A natural move away from home

For many of Georgia’s young birds and other wild creatures, this is the time of year when wanderlust sets in. It’s not migration, which is a regular, seasonal trek to a specific destination.

Rather, this wandering is known as dispersal, when the breeding season has ended and young creatures are seeking new territories away from where they were born. It occurs among nonmigratory as well as migratory species.

In particular, scientists use the term “natal dispersal” for the movement of a bird or animal from its birth site to a new territory where it will live and raise its own babies. It’s like our children leaving home and moving into their own places across town or some other city — a natural behavior, if life in the wild is any indication.

Nearly all young songbirds, for instance, disperse from their parents’ territories a few weeks after fledging. They leave on their own or their parents may force them to leave.

The dispersal behavior of cardinals is typical of many songbirds. A young cardinal often moves a mile or so from where it was born, although some birds have been tracked wandering as far as 100 miles before settling down. Generally, male cardinals wander farther than females. A reason probably is that males are seeking territories that provide ample food, shelter, protection and other resources conducive to successful nesting.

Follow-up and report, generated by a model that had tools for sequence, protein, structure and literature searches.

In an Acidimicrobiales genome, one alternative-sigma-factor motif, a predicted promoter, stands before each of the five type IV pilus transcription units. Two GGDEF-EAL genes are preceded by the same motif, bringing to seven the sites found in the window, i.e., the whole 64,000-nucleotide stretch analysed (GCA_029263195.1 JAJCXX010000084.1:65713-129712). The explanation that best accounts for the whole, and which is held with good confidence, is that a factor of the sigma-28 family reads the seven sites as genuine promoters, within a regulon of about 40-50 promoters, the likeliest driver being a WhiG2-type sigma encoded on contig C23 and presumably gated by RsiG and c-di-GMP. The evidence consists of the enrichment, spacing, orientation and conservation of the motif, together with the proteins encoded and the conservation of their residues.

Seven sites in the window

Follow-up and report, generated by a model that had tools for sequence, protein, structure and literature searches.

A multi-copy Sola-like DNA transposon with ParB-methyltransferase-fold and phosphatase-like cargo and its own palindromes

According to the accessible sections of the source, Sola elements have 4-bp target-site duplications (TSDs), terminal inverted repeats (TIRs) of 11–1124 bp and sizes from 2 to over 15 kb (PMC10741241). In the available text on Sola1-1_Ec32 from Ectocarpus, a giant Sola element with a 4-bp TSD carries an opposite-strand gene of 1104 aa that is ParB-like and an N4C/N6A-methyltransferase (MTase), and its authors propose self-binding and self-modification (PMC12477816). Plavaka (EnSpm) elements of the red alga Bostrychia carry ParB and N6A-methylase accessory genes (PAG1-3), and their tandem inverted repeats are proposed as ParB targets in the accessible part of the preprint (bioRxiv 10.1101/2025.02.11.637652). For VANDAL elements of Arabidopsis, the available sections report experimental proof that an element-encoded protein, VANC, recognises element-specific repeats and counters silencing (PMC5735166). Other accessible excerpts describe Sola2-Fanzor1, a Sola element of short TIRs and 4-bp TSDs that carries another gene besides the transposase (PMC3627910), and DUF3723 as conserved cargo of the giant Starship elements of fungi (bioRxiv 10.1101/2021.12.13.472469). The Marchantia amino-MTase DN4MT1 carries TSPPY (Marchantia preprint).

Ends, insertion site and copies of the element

Females, on the other hand, may choose a male based, in part, on the quality of his territory.

Dispersal, however, can be a potentially dangerous time for creatures. As they move about, they are more vulnerable to predators such as hawks and other raptors. The advantages, however, apparently outweigh the risks. For instance, dispersal greatly reduces the chances of inbreeding with close relatives, which can increase the spread of genetic defects. Dispersal also reduces competition for limited food, shelter and other resources in an area and helps a species expand its range and population.

Birds are not the only creatures engaging in natal dispersal this time of year. Black bear mothers, for instance, encourage their young — often through threats and aggression — to move away when the offspring are about 12 to 18 months of age.

Males may even swim across rivers to find a new home. It’s a reason why a lot of reports come in this time of year about black bears wandering into neighborhoods, onto highways and other places frequented by people.

Young Eastern gray squirrels also tend to disperse in the fall.

Males, however, are more likely to leave than are females. Juvenile male squirrels may move a half-mile to 10 miles away, although some have been known to travel as far as 60 miles to find a new territory.

In the sky: The moon will be last quarter Wednesday night, rising about midnight and setting around midday, says David Dundee, astronomer with Tellus Northwest Georgia Science Museum. Venus, Mars and Saturn all set in the west about two hours after sunset. Jupiter rises out of the east about three hours after sunset. Mercury is not easily seen right now.